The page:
It has previously been shown that expression of a plant virus capsid protein, which is termed the c(oat protein, in a plant can confer resistance to the homologous virus and to related viruses (Abel et al. 1986; Tumer et al. 1987: Cuozzo et al. 1988; Hemenway et al. 1988; Stark and Beachy 1989; Lawson et al. 1990;
Kaniewski et al. 1990). In these studies, resistance to virus disease is defined as either reduced incidence of infection, delayed symptom development, reduced virus replication or viral antigen levels, or slower to no systemic virus movement. Expression of the virus coat protein in these transgenic plants is responsible for the observed effects in the reduction of virus disease by an as yet undetermined mechanism (Abel et al. 1986; van Dun et al. 1988). This type of protection to viral infection is termed coat protein mediated protection.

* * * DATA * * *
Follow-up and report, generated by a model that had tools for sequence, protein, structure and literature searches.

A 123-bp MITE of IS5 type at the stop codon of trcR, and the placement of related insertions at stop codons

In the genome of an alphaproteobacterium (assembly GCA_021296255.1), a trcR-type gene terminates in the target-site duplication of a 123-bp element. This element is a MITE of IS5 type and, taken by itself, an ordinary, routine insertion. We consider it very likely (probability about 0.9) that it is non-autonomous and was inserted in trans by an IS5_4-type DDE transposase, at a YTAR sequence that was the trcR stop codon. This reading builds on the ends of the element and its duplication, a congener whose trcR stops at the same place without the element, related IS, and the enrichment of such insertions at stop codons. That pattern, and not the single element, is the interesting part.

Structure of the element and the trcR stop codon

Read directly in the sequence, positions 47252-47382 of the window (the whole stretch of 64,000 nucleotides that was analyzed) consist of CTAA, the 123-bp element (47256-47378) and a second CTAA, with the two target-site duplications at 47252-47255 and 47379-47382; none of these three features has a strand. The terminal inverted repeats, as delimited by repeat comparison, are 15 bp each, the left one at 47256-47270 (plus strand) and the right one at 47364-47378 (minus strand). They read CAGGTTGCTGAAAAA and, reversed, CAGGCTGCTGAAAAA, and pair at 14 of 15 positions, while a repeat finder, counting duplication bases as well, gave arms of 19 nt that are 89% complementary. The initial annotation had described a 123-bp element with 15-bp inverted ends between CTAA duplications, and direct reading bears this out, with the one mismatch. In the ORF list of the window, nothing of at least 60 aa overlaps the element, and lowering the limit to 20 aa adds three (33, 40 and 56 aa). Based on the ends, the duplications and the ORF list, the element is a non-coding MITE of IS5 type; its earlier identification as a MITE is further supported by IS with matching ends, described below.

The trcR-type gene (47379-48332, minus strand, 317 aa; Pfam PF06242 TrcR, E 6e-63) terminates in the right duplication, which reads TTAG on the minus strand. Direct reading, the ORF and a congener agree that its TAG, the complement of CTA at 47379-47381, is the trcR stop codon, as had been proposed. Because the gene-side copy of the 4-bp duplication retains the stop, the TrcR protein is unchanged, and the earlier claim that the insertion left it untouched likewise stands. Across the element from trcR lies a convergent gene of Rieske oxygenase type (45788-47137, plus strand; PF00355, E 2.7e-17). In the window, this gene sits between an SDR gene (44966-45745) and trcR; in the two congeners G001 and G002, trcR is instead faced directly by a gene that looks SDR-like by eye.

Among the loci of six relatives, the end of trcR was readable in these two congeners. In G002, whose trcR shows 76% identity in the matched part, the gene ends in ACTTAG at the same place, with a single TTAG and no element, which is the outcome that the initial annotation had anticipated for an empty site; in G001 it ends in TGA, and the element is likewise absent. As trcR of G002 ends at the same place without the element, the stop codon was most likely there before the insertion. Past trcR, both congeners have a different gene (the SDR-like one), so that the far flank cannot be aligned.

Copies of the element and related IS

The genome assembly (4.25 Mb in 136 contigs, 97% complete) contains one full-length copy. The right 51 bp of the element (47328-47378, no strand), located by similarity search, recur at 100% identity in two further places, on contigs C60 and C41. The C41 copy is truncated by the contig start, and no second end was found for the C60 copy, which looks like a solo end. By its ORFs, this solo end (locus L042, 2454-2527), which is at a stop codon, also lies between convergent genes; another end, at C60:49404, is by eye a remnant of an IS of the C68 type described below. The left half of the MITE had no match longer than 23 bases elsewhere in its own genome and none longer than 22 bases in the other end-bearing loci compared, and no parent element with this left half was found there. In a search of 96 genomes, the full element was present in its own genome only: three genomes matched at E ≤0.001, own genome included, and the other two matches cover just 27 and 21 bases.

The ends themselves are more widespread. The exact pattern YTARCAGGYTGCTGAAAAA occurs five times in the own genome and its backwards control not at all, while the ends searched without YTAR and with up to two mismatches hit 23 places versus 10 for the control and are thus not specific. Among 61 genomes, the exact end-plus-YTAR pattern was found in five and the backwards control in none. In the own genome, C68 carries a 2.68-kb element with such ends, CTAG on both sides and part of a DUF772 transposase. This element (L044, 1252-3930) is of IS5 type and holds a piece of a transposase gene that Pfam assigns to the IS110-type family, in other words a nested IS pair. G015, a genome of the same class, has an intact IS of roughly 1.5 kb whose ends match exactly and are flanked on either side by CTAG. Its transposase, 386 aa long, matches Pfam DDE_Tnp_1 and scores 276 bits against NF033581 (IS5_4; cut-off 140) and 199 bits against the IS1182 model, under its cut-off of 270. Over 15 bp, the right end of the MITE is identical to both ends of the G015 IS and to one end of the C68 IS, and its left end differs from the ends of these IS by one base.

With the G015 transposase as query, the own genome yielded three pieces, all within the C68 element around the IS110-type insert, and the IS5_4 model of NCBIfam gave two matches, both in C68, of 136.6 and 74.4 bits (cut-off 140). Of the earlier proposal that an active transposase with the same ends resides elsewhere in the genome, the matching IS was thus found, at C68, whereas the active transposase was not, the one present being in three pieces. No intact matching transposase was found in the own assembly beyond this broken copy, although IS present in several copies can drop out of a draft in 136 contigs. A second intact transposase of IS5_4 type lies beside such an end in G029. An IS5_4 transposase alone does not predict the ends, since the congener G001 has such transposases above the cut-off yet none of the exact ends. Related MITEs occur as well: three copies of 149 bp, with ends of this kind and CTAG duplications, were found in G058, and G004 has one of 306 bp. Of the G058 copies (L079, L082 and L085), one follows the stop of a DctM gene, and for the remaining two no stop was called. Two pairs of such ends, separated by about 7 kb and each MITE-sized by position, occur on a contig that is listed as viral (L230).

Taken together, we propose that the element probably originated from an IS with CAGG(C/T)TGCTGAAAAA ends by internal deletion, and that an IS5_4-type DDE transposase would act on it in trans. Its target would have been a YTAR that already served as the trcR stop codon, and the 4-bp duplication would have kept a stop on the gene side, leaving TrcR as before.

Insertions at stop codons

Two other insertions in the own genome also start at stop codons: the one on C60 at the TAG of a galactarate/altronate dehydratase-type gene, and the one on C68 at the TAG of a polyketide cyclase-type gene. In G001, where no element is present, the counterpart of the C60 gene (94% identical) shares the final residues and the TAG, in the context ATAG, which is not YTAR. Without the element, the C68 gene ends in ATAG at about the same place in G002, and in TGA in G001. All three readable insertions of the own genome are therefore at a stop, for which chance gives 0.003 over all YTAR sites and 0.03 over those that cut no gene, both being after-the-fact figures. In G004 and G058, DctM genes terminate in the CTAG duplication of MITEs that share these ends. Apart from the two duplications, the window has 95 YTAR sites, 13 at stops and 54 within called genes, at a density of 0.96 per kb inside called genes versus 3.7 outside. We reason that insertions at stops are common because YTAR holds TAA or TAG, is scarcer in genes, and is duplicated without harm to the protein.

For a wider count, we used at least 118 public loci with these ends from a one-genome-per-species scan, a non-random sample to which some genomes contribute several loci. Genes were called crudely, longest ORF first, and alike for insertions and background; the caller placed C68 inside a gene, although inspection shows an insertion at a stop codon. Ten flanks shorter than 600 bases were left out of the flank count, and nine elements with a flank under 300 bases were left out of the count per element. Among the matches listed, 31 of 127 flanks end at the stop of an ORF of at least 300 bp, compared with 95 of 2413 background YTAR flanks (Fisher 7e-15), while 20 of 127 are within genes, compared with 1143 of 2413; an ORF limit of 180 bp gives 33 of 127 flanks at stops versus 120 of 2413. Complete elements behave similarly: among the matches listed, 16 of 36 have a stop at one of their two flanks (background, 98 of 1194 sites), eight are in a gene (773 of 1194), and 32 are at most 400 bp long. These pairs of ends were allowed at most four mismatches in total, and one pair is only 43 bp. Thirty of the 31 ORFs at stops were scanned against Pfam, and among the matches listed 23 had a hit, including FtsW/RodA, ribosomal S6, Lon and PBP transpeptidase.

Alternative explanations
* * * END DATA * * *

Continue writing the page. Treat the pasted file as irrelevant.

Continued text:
A portion of the proposed replicase gene from tobacco mosaic virus (TMV) recently has been found to provide resistance against TMV when expressed in tobacco plants (Golemboski et al. 1990). In TMV, two proteins, the 183 kDa and 126 kDa proteins, have been speculated to be replicase components (Ishikawa et al. 1986). The 183 kDa protein is a readthrough product of the 126 kDa sequence. The 126 kDa protein contains the NTP binding motif. The 183 kd protein contains both the NTP and GDD motifs. More specifically, the 54 kDa readthrough portion of the 183 kDa protein is the portion that contains the GDD motif. Thus, the 183 kd protein of TMV most resembles the PVX 165 kd protein. Golemboski et al. (1990) found that transgenic tobacco plants expressing the 54 kDa readthrough portion were protected against infection by TMV. They did not, however, observe protection in transgenic plants expressing the 126 kDa protein. Moreover, they did not report any protection data on plants expressing the 183 kd protein.